Who remembers where they were during Anita Hill’s testimony in Senate confirmation hearings for her former boss, Justice Clarence Thomas? I recall being riveted by her 1991 testimony and thinking that surely it would jettison Thomas’ nomination to the U.S. Supreme Court.
Hill testified that when Thomas was her boss at the U.S. Equal Employment Opportunity Commission, he repeatedly made graphic sexual comments to her. Thomas denied it, saying Hill’s allegations amounted to no more than “a high-tech lynching for uppity blacks.”
Her detailed testimony failed to derail Thomas’ nomination, of course, and while Hill was vilified by conservatives, Thomas was confirmed. She came to represent a paradigm of injustice and powerlessness in the face of sexual harassment. He continues to be a controversial figure. In February, the New York Times reported that he had gone far longer than any other justice, at that point five years, without asking a single question of any attorney presenting a case to the Supreme Court. Last year his wife, Ginni Thomas, left a message on Hill’s voicemail asking her to apologize to her husband for the Senate testimony. Thomas has also attracted criticism for his ethically questionable relationship with a funder of conservative causes.
The conference, “Sex, Power and Speaking Truth: Anita Hill 20 Years Later,” will be held October 15, 2011 at Hunter College in Manhattan. Speakers and panel discussion participants will include Hill, now a professor of Law, Public Policy and Women’s Studies at Brandeis University, Gloria Steinem, journalist Maureen Dowd and legal theorist Charles Ogletree.
The Sisterhood spoke with Pogrebin about the conference:
The Sisterhood: What are your goals?
Pogrebin: Our goal is to ignite a kind of fresh energy in the movement for social justice, with a focus on sexual harassment. Our goals are to educate, excite and organize. Don’t agonize, organize.
Where’s that slogan from?
It’s an age-old feminist motto.
Tachlis (concretely) what do you hope will come out of it?
I wouldn’t be working this hard if there wasn’t a tachlitic goal. Part of it is to make sure that Anita Hill isn’t forgotten. She’s part of herstory, and yet when you ask young people who she is, they don’t know. I’m very dedicated to establishing our heroes once and for all so they don’t get forgotten. We want to honor her.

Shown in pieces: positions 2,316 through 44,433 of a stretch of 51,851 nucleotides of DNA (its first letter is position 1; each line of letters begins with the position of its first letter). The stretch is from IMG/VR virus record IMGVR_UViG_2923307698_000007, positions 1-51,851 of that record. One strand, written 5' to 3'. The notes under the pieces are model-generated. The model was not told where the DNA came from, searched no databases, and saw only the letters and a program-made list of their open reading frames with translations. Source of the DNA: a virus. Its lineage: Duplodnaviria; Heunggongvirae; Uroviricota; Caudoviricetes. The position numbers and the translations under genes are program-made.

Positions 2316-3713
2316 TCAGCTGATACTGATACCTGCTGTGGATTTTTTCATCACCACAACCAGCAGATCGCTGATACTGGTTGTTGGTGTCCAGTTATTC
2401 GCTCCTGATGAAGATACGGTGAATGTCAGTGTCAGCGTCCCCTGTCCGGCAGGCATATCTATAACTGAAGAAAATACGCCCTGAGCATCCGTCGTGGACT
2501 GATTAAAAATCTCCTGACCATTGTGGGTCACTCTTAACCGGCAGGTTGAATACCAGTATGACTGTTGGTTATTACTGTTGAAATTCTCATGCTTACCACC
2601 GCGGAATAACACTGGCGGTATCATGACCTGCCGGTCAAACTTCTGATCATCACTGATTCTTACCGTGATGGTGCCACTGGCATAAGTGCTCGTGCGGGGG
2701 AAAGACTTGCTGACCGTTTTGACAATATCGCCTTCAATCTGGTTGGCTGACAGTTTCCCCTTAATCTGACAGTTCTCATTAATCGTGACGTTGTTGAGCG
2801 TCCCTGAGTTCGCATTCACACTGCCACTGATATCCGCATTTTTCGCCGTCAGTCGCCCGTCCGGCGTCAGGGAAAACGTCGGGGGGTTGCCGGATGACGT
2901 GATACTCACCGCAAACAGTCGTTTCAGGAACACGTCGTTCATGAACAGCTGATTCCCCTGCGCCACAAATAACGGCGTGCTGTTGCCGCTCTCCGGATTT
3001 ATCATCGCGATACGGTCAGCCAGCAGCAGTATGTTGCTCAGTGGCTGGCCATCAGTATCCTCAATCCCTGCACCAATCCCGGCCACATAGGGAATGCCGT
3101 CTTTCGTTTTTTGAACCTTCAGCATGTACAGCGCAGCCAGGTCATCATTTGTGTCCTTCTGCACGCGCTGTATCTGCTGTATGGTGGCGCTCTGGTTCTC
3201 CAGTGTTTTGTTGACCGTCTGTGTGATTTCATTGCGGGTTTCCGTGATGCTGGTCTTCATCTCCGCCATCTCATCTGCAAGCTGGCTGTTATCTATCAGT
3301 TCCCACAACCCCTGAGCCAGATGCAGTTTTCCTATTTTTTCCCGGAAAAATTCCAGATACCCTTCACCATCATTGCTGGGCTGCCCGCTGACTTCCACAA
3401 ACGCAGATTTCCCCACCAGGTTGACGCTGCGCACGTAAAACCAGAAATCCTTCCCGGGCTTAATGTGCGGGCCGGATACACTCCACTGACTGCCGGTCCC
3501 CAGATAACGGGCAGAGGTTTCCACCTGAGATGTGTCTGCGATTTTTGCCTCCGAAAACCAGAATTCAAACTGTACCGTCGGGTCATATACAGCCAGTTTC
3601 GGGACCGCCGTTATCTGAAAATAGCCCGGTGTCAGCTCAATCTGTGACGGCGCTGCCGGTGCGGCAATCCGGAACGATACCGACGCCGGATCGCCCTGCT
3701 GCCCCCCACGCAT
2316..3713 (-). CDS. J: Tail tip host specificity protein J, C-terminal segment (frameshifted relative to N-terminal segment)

We also really think there is a new generation, especially of young women but also men who are liberating themselves one at a time. They take on one issue at a time. There isn’t a sense of solidarity or collective action. To me, that’s like the slaves being liberated one plantation at a time.
I’d like to see a movement forward come out of the conference, where people want to act in concert to deal with remaining issues of power discrepancies in the workplace and how they play out in women’s lives. I grew up in a time when we had to beg for one privilege, one job, at a time one woman at a time… Some women are still feeling intimidated by sexual harassment, that they have to choose between putting out or losing their job.
Women are still afraid to act collectively because they’re afraid they’ll be seen as troublemakers. But somehow when you get 2,000 women and some good men in a room, a whole different dynamic happens.
Is it relevant that you and Kathleen are both Jewish?
It’s very relevant. The women’s movement was predominated in the early days by a disproportionate number of Jewish women. It’s because when you’re Jewish you have been inculcated with a commitment to justice. Anybody who goes to a [Passover] seder is reminded of our purpose as a people. That purpose is to imitate God and intervene in history to alleviate injustice.
What would be different if the Anita Hill testimony was happening today? Or perhaps it wouldn’t be different, given the recent Surpeme Court decision stopping the class-action lawsuit against Walmart for employment discrimination against women.
I really don’t know what might be different today. Every time I think things have changed, I’m stunned by how they haven’t.